“I don’t think it is any surprise to see Raheem Sterling selected to sit alongside Southgate at the press conference because Southgate knows Sterling very well. They have been together since the U21s in 2013 and Sterling was only 17 when he was in the England U21 side.
“Southgate became somewhat of a father figure to him back then and he stood by him when Sterling was getting criticism in the early part of his England career. So, now it was a little bit of roles reversed and a chance for Sterling to talk up the England manager.”
Southgate: Years of experience can help turn things around
Meanwhile, Southgate pointed to his years of experience as he was asked if he doubted himself following recent criticism.
Southgate replied: “I’m fortunate that I’m now sadly in my 50s, I have been in football for 30 years and I have gone in one guise or another to 12 tournaments, working with these chaps, scouting – this will be my seventh as player or a coach, so I have seen pretty much everything.
“The cycle of war with the media, the love-in – we are somewhere in the middle of that, it is an experience that I knew at some point would probably come with this job so I have to accept that.”
Germany are the visitors to Wembley on Monday night as England look to avert a slump in performances and results which have seen the tide turn on Southgate.
He was hit with jeers and chants of “You don’t know what you’re doing” as England were losing 4-0 to Hungary in June and was also booed by the travelling fans again on Friday.
“Look, I’m the manager,” Southgate added. “The results haven’t been at the level we want, that we require, so no matter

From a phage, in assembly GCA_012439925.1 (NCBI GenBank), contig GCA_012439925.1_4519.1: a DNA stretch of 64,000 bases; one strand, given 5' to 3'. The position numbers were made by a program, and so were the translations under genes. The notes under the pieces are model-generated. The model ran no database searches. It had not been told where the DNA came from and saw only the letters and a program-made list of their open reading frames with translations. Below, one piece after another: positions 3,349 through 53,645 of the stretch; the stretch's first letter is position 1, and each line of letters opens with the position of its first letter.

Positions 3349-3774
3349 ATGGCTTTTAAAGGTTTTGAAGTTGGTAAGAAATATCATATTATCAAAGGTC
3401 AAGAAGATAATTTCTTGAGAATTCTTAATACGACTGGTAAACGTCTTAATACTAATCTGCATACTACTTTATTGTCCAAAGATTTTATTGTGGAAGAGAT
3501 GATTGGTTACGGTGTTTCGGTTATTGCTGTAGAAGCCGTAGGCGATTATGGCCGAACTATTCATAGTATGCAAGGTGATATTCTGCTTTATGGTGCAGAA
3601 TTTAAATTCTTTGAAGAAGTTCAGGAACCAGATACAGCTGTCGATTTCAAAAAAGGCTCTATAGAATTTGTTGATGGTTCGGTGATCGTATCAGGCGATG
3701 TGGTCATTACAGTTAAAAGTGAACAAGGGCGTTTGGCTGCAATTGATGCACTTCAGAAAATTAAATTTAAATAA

what job you have in football that would be the case.
“Of course with the national team that noise is going to be louder and more widespread, I understand that.
“I’m not hiding from it, we are not enjoying it but we have to keep doing the right things every day to keep improving.”
“This is the most difficult spell by a distance that Southgate has had to endure in his six years as England manager.
“It is a difficult time, and he is under pressure. England have gone five games without a win. They have lost two on the trot, and frankly, they are bereft of any confidence right now.
“That said, the pressure doesn’t apply in terms of Southgate potentially losing his job before the World Cup. That is just not going to happen. ‘That would be ludicrous of the FA to do that’ was the way it was described to me because the level of insecurity and instability that would create going into a major tournament is just not on the agenda at all.
“However, it feels like this next game is a big one for England. Southgate was adamant he was still the right man to take England to the World Cup. He insists he saw a lot of improvements in that performance against Italy when quite frankly a lot of us watching didn’t.
“Southgate said he didn’t think the performance against Italy was far off, and he knew he was going to get criticism for saying that and there have been question marks again over his tactical decisions. Against Italy, Southgate only reacted to Italy going more direct after the goal and quite frankly, it was a pretty straight forward long ball over the top.
“But Southgate cannot legislate for top Premier League defenders not defending simple balls like the one for Italy’s goal.
“It’s not just Southgate, there is a malaise about this England side as a whole at the moment and too many of the key players are out of form or not playing enough football for their clubs, which is a real problem for Southgate. There are still a huge number of question marks to address for the manager.”
November 21: Iran (Khalifa International Stadium, Al Rayyan) – kick-off 1pm
November 25: USA (Al Bayt Stadium, Al Khor) – kick-off 7pm
November 29: Wales (Ahmed bin Ali Stadium, Al Rayyan) – kick-off 7pm